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Mountain Gear

Reviewed: Trek Top Fuel 9.8

Trek's carbon fiber Top Fuel ruled in mountain biking’s mid-naughties heyday, and now it’s back and better than ever.

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Build: 17.3/20
Climbing: 13.2/15
Descending: 12.3/15
Value: 12.4/15
Handling:12.1/15
Pedaling response: 13.9/15
Aesthetics: 4.0/5

Overall: 85.2/100

The carbon fiber Top Fuel ruled in mountain biking’s mid-2000s heyday, and now it’s back and better than ever.

Most importantly, Trek has updated the geometry of its top-flight, full-suspension race bike. New, more playful geometry (including a 70-degree head angle and shorter chainstays) will keep downhill demons happy but does nothing to diminish the bike’s race-bred intentions.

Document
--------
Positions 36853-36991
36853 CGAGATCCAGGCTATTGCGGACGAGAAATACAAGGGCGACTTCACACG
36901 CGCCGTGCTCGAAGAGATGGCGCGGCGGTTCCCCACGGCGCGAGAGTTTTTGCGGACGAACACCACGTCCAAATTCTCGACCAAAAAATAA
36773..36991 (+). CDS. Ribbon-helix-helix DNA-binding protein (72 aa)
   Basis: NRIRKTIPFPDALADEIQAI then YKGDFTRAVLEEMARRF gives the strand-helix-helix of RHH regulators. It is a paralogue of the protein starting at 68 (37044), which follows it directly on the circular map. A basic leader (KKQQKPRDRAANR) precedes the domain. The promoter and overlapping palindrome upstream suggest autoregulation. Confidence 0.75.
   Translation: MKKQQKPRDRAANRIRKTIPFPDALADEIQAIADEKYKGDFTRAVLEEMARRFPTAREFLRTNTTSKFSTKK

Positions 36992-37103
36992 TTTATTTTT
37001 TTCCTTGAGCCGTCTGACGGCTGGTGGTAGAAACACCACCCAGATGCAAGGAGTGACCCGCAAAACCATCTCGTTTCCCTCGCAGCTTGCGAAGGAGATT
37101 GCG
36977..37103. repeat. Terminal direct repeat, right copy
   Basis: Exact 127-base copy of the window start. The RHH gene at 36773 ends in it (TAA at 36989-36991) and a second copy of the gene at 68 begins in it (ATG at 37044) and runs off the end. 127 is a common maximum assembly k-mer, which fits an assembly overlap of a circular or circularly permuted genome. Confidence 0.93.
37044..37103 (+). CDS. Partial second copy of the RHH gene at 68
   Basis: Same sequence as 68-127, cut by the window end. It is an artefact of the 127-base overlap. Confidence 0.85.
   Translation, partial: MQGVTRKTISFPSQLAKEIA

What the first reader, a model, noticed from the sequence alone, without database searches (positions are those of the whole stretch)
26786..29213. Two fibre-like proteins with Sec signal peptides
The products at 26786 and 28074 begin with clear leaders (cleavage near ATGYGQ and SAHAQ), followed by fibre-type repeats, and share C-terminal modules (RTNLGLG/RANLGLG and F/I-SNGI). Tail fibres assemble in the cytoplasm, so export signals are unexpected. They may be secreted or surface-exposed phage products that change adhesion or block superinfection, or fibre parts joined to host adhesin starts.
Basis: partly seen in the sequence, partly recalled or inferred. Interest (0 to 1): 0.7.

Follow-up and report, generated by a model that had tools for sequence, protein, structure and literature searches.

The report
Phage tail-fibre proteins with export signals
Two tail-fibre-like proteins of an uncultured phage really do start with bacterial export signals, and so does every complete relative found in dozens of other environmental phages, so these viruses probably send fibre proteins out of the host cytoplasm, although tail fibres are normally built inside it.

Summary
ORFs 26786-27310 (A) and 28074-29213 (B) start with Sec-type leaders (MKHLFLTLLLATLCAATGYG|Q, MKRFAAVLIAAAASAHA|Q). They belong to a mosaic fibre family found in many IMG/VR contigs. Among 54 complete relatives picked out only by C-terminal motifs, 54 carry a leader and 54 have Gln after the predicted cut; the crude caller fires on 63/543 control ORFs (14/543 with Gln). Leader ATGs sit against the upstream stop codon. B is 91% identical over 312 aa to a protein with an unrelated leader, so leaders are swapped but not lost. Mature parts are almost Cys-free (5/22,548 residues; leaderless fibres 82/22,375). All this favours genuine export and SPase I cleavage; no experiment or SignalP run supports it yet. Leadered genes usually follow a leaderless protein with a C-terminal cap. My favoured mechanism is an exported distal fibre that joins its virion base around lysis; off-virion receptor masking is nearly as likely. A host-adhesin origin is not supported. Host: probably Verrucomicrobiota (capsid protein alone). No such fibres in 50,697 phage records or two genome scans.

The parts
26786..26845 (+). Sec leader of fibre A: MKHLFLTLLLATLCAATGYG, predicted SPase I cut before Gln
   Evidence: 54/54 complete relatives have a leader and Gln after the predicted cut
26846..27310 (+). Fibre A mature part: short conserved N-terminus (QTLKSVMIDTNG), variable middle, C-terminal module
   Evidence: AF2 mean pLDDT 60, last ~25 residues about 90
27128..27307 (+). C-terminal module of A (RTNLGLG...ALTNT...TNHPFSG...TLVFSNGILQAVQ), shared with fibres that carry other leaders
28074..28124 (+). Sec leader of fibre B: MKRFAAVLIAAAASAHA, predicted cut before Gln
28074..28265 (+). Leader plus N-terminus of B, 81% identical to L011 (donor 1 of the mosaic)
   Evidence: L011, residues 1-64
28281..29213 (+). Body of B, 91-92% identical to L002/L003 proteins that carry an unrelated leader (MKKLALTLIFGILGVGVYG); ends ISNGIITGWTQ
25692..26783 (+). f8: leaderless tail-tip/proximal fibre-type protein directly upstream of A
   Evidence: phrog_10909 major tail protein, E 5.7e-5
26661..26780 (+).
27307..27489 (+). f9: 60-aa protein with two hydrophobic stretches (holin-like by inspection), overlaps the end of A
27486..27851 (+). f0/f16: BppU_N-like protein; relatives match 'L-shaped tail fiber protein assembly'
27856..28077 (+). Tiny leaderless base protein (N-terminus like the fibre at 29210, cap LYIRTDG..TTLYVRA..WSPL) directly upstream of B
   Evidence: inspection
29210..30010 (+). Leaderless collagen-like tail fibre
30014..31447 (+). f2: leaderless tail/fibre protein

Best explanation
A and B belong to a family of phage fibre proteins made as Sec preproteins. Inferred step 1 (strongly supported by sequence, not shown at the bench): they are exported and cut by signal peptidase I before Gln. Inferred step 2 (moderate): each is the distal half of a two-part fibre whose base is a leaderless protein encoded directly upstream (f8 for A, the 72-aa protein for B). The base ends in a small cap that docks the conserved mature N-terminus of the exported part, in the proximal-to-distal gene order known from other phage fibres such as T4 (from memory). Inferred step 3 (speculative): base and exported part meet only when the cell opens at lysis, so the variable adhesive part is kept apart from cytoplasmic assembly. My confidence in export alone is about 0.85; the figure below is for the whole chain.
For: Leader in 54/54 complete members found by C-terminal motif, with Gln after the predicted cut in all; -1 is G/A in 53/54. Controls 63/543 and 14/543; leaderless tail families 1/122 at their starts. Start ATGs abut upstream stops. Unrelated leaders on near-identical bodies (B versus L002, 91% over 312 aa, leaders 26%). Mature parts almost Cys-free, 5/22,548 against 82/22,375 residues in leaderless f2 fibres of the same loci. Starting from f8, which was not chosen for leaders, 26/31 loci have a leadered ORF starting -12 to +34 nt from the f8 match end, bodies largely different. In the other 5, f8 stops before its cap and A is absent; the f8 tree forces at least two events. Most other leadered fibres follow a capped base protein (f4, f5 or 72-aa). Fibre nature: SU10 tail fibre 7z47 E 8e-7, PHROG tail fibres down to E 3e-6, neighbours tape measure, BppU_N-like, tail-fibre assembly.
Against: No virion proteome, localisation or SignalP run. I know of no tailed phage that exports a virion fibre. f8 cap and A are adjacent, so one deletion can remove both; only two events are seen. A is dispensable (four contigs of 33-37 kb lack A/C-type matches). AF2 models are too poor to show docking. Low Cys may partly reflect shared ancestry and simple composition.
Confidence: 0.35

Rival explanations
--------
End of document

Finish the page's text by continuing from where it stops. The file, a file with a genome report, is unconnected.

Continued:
The Bontrager tires are thin and light, with minimal tread. That’s fine for bombing around on hardpack, but they are quickly out of their depth on anything more technical. The rest of the build is solid, race-worthy, but not too light for the weekend warrior. The combination of a SRAM X1 drivetrain and Shimano XT brakes is tried-and-true, and works splendidly.

Few race bikes boast a pedaling platform as formidable, yet responsive, as the Top Fuel’s. Reaction under braking is particularly good. Stand out of the saddle and the whole thing firms up, but let loose on a downhill and it’s plenty active, with a predictable, smooth curve.

Trek’s size-specific wheel diameter is smart. It puts smaller riders on more nimble 27.5-inch wheels and larger riders on a 29er. We’ve long held that 29er wheels are just too big to work well on small frames, at least without major geometry compromises.

Price: $5,500
Component highlights: SRAM X1 drivetrain; RockShox SID XX fork paired with Monarch XX rear shock; Bontrager XR1 Team Issue tubeless wheelset
Weight: 24.28 pounds (size Medium)

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